Recently I read a book that was a real eye-opener to me. It was Diamond Heart, Book One by A. H. Almaas. Many of you will have already read it. For those who do not know the author and the book, A. H. Almaas is the founder of the Ridhwan school that is dedicated to inner work and the development of our essence or being. His teaching is–as far as I understand–mainly based on Gurdjieff’s Fourth Way, Sufism, and modern psychology.
In his book Almaas explains different facets of essence as, for example, truth, compassion, confidence, worthiness, and how we can realize these facets. He illustrates which psychological barriers in our personalities and which behaviour patterns hold us back from getting in contact with our true being and how to work on them.
What we do is always try to move away from suffering and to move towards happiness, and this tendency keeps us away from where we really are. Almaas emphasizes that we have to do this inner work in our daily lives. Our relationships, our work, and our little and big everyday problems give us the material that we need for self-study.
In every chapter I found many things that spoke to me directly and made me think about what requirements may hide behind my habitual acts and feelings. The chapter “Becoming an Adult,” for example, illustrates that many of our difficulties in life result from the fact that we are acting like children and refuse to become adults.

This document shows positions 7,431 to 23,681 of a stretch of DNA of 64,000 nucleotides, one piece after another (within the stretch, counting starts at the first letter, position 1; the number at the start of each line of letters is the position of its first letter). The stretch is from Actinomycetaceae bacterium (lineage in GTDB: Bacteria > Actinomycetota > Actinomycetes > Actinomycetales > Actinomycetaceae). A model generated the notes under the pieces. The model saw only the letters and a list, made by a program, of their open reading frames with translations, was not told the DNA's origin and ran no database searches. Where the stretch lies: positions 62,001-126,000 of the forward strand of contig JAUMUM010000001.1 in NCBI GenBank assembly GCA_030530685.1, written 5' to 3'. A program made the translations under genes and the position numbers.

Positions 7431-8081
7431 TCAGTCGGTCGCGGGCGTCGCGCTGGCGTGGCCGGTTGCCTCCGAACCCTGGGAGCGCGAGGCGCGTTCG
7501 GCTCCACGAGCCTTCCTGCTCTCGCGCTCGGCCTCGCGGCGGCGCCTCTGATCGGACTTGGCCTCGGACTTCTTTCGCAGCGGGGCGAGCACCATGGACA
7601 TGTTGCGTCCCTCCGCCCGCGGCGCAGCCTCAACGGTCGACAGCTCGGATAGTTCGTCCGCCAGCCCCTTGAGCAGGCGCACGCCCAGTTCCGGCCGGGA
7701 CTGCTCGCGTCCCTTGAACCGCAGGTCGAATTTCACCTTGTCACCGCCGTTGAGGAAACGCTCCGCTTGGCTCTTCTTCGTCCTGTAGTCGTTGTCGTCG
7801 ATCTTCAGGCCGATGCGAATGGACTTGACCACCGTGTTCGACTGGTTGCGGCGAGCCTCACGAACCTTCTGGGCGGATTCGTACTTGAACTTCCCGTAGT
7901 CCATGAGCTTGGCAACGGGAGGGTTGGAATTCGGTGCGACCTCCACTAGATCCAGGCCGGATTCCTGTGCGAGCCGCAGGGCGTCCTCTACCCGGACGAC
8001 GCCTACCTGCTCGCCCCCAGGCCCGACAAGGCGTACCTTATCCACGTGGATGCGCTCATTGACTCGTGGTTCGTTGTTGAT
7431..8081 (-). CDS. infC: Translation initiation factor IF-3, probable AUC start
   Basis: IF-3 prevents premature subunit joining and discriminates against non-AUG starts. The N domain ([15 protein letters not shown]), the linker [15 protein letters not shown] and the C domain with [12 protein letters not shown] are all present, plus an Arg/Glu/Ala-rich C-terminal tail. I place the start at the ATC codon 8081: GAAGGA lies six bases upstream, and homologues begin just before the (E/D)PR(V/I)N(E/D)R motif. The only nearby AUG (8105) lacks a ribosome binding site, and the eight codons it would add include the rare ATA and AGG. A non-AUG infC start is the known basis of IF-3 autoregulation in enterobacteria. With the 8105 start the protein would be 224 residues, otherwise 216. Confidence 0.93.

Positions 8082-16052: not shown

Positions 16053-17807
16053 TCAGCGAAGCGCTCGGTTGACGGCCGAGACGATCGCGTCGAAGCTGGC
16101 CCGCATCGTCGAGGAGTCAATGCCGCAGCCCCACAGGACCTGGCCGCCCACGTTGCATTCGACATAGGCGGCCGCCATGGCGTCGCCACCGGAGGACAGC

As an exercise I noticed my emotions and thoughts from this aspect. Of course I already knew that I do not like to take on responsibility and prefer others to do the things I feel uncomfortable with, but I actually did not know that this attitude is ruling my life to such an extent. I also did not fully realize that many of my not-so-nice attitudes like getting angry, blaming others, or lamenting are based on this mentality. This is a little frightening to see, but also gives me a push towards change.
The above is only a short example. I think that this book can really enrich our practice. So if you’re interested and decide to read the book or have already read it, I am curious to hear what you think about it.
Dismantling beliefs is one of the practices of the Lost Coin. When I look at beliefs I have held I often wonder where they came from. I find they aren’t based on any real evidence, not really grounded in reality. These beliefs are things I have heard from sources I don’t remember. When I have looked at it deeply I have often found that many of my beliefs are just perimeters surrounding territory I am afraid to go outside of – boundaries formed by fear.